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Welp, so much for a film that was made to inspire equality. Why has 'In The Heights' creator Lin-Manuel Miranda apologized on Twitter? Take a look.

Why is Lin-Manuel Miranda apologizing on Twitter about ‘In the Heights’?

This week has been quite a whirlwind for Broadway star Lin-Manuel Miranda, perhaps best known for his work on the phenomenon that is Hamilton. However, prior to his inspiring musical of our founding fathers, Lin-Manuel Miranda first brought to the stage In The Heights, a story about love, diversity, and hope. In fact, the musical was so beloved that it was made into a major motion picture, and actually came out last week.

In The Heights is directed by Jon M. Chu, the filmmaker who brought Crazy Rich Asians to life. And while the box office numbers don’t speak the loudest to the film’s credibility, it is clear that many adore this latest musical film, bringing to life Lin-Manuel Miranda’s original vision of Latino America. However, did In The Heights actually get #canceled? Oh, the irony in this world. 

Many complaints are circulating the web that the new In The Heights film only features light-skinned actors representing the latinx community, failing to cast any actors that are afro latinx, a race that is very prominent in Washington Heights in New York City. In fact, the only dark-skinned actor in the film that is not a background dancer is Corey Hawkins, who is best known for his work as dr. Dre in Straight Outta Compton

Just how did a movie so inspirational and so set on themes of diversity & hope miss the mark for many of its audience? According to Lin-Manuel Miranda’s Twitter, blame him. 

Miranda’s apology

Miranda, who wrote the music and lyrics for the musical with the book written by Quiara Alegría Hudes, wrote the following sentiment on Twitter: “I started writing In The Heights because I didn’t feel seen. And over the past 20 years all I wanted was for us – ALL of us – to feel seen.”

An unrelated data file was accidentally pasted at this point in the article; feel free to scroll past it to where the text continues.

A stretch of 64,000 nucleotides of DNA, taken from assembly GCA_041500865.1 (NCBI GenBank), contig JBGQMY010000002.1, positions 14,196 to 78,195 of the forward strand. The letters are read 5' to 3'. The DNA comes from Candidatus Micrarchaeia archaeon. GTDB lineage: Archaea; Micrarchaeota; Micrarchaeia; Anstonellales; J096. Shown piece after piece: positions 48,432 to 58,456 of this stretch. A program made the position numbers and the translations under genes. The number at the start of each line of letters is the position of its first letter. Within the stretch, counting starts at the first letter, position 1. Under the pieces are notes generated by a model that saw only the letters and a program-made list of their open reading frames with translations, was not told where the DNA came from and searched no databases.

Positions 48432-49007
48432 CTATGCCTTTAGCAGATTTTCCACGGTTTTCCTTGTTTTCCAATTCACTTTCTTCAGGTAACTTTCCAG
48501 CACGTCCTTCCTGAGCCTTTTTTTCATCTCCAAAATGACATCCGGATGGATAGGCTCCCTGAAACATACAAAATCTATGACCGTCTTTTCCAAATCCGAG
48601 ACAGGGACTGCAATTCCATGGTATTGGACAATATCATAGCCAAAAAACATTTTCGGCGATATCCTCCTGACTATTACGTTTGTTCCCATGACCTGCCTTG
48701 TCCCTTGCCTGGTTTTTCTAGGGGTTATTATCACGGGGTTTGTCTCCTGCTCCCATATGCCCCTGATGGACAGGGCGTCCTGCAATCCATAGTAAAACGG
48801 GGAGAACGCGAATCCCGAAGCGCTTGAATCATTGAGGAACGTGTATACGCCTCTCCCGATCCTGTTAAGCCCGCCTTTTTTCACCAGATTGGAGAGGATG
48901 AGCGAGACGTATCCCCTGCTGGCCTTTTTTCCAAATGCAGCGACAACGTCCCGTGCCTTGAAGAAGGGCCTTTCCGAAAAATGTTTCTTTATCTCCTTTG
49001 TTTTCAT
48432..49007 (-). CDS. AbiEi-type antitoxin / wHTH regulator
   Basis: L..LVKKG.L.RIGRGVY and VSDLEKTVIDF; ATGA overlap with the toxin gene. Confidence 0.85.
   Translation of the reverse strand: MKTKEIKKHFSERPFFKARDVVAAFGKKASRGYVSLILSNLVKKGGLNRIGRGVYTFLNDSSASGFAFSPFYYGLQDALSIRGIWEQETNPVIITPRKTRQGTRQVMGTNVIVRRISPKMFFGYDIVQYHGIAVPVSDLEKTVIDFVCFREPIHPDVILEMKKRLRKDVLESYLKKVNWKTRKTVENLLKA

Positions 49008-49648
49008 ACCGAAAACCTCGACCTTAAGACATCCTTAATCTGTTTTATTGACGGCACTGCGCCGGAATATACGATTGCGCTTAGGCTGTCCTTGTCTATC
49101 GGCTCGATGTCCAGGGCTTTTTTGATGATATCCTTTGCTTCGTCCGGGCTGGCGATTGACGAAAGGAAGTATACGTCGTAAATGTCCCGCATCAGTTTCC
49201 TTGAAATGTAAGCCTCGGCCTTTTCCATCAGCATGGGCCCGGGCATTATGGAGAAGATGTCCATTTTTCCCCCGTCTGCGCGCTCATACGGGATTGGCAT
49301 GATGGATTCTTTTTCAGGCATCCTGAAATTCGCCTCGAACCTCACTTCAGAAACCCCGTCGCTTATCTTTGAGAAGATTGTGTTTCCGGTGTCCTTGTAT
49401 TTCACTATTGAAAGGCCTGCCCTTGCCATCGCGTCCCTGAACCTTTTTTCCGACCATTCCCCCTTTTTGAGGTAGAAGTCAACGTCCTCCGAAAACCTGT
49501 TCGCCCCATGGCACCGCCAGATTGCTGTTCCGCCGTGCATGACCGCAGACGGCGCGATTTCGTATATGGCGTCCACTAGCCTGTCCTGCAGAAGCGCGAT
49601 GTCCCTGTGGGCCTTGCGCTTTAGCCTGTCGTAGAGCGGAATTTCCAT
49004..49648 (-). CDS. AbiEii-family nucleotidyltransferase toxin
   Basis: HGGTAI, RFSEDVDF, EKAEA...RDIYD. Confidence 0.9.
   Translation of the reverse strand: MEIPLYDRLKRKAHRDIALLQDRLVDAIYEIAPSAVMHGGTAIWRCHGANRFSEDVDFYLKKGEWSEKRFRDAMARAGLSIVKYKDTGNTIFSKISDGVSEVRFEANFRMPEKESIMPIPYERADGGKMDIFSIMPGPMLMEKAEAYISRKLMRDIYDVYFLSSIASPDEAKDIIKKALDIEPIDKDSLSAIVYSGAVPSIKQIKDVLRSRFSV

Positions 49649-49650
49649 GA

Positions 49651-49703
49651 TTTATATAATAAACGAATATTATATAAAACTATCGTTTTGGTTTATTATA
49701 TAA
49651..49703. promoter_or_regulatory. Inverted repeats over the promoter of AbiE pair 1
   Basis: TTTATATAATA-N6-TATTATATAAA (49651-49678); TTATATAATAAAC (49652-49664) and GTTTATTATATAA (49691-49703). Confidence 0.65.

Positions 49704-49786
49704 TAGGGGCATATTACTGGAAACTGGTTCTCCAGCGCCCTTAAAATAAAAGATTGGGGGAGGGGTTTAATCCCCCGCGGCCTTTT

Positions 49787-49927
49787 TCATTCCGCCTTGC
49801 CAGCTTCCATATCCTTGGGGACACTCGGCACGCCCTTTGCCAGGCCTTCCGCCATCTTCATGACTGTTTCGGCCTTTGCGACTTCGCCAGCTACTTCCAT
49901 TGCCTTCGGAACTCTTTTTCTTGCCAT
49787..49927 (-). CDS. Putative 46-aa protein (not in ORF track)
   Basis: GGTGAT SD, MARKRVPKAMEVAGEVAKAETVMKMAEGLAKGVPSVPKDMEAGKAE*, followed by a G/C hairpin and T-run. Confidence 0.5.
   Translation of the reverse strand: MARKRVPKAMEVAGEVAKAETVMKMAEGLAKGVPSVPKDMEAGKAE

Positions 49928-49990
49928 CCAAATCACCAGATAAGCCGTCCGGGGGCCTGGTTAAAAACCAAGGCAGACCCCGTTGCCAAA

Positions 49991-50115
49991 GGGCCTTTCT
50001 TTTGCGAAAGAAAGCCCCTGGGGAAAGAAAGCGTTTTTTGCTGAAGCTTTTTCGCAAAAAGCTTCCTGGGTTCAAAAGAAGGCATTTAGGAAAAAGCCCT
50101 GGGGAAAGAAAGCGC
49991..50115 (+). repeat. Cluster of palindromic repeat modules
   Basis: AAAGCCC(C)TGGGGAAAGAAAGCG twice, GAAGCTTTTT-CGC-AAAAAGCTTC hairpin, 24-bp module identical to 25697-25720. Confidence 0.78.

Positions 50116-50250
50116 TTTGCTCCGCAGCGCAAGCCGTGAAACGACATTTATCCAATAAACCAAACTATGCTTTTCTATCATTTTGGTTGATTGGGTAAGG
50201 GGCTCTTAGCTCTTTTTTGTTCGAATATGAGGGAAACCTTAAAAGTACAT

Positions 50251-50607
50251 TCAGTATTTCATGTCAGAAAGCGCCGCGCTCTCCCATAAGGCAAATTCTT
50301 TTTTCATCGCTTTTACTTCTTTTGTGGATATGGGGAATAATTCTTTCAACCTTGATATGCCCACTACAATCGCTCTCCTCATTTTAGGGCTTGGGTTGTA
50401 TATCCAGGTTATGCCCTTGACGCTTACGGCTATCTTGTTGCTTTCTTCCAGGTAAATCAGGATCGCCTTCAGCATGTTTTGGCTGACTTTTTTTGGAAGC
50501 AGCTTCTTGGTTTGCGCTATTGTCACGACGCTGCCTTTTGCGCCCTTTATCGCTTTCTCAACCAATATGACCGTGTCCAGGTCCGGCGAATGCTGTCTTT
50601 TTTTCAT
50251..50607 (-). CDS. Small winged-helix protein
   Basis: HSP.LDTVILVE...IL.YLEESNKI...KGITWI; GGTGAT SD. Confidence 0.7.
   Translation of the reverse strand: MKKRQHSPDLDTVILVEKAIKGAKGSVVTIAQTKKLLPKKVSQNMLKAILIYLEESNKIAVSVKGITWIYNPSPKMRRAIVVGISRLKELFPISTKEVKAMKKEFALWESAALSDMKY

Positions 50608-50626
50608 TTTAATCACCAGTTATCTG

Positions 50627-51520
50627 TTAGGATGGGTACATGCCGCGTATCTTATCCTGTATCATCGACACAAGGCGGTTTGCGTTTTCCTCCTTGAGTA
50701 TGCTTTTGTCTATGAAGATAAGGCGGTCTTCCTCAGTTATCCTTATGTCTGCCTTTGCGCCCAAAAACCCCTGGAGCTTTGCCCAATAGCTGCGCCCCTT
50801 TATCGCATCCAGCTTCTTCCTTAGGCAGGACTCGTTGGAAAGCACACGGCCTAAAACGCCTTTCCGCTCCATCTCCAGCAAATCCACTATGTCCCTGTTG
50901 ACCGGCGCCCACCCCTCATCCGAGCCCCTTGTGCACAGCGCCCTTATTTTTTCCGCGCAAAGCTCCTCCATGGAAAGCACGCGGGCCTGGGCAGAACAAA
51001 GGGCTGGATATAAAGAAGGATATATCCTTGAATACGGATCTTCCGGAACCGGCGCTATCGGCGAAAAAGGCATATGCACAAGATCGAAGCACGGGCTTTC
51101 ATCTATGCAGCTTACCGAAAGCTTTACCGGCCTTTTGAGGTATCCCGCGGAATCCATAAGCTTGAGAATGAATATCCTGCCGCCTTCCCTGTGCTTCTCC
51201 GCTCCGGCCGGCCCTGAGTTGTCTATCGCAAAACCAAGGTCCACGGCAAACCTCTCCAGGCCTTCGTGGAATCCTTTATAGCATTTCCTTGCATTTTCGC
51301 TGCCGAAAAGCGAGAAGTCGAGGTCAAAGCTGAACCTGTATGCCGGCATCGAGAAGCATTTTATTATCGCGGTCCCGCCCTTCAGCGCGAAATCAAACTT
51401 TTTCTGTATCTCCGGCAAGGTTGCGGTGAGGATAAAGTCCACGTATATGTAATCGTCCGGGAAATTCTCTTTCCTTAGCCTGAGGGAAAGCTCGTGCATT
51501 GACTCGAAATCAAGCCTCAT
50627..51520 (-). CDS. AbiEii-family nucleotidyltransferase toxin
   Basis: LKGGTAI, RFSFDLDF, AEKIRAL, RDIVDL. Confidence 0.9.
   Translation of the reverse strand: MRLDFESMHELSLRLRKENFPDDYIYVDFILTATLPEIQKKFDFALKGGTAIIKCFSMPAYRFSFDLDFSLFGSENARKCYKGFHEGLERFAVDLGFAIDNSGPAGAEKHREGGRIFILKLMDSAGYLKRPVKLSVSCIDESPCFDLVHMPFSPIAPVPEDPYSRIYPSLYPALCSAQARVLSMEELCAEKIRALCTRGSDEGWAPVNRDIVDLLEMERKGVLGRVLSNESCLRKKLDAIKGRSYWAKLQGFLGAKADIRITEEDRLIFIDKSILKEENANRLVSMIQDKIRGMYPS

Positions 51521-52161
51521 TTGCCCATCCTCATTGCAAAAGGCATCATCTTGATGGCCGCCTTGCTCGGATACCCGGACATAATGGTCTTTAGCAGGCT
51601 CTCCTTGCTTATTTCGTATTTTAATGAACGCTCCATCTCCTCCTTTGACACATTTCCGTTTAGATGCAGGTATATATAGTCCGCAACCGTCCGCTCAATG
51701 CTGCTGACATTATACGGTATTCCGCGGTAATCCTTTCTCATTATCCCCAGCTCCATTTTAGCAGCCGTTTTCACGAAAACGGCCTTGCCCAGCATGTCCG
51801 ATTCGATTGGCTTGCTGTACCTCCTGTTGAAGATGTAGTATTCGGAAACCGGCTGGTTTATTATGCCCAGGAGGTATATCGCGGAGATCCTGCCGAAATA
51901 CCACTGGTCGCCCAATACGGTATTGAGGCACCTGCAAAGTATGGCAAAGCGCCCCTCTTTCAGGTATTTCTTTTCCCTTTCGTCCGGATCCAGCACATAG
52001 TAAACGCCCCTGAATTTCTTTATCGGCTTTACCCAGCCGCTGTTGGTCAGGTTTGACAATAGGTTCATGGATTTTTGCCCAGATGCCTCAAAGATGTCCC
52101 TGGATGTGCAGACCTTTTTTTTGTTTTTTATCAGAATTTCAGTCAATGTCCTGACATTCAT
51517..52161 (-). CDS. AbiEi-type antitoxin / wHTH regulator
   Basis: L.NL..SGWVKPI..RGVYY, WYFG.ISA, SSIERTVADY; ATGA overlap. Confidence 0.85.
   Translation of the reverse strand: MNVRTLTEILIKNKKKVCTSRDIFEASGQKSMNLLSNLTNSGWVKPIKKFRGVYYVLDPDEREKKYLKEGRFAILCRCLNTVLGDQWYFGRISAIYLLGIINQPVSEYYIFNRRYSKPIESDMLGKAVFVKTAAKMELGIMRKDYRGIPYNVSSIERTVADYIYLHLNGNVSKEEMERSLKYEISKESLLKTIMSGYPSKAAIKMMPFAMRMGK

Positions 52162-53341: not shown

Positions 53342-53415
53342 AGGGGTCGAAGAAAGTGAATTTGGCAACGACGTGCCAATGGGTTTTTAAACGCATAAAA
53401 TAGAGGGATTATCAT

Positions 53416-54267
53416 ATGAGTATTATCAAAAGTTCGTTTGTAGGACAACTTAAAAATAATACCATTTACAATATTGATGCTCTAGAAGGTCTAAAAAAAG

He continued: “I’m seeing the discussion around Afro-Latino representation in our film this weekend, and it is clear that many in our dark-skinned Afro-Latino community don’t feel sufficiently represented within it, particularly among the leading roles.”

“I can hear the hurt and frustration over colorism, of feeling unseen in the feedback. I hear that, without sufficient dark-skinned Afro-Latino representation, the world feels extractive of the community we wanted so much to represent with pride and joy.”

Miranda concluded: “Thank you for your honest feedback. I promise to do better in my future projects, and I’m dedicated to the learning and evolving we all have to do to make sure we are honoring our diverse and vibrant community. Siempre, LMM.”

Future hope for representation?

Broadway has always tried to find a way to integrate races and inspire audiences to believe in equality. While In The Heights certainly had assumed they had properly portrayed this notion, it is clear that it simply didn’t resonate with some. Luckily, In The Heights is only the first live-action adaptation of a Broadway musical to come out this year.

Fans of the musical genre can still look forward to a variety of Broadway movie musicals coming out in 2021, including Tick, Tick . . .  Boom, Dear Evan Hansen, and West Side Story, which will serve as Steven Spielberg’s directorial debut in the musical genre and will likely covet the audience’s support for themes regarding diversity. 

However, we still highly recommend you check out In The Heights, regardless of how you choose to watch it. It’s a wonderful film that will surely find more than one way to inspire you to think better, act better, and do better. 

In The Heights is currently available to stream on the HBO Max streaming service as well as in theatres. Do you plan on checking out the film? Do you follow Lin-Manuel Miranda on Twitter? Comment below and let us know your thoughts.

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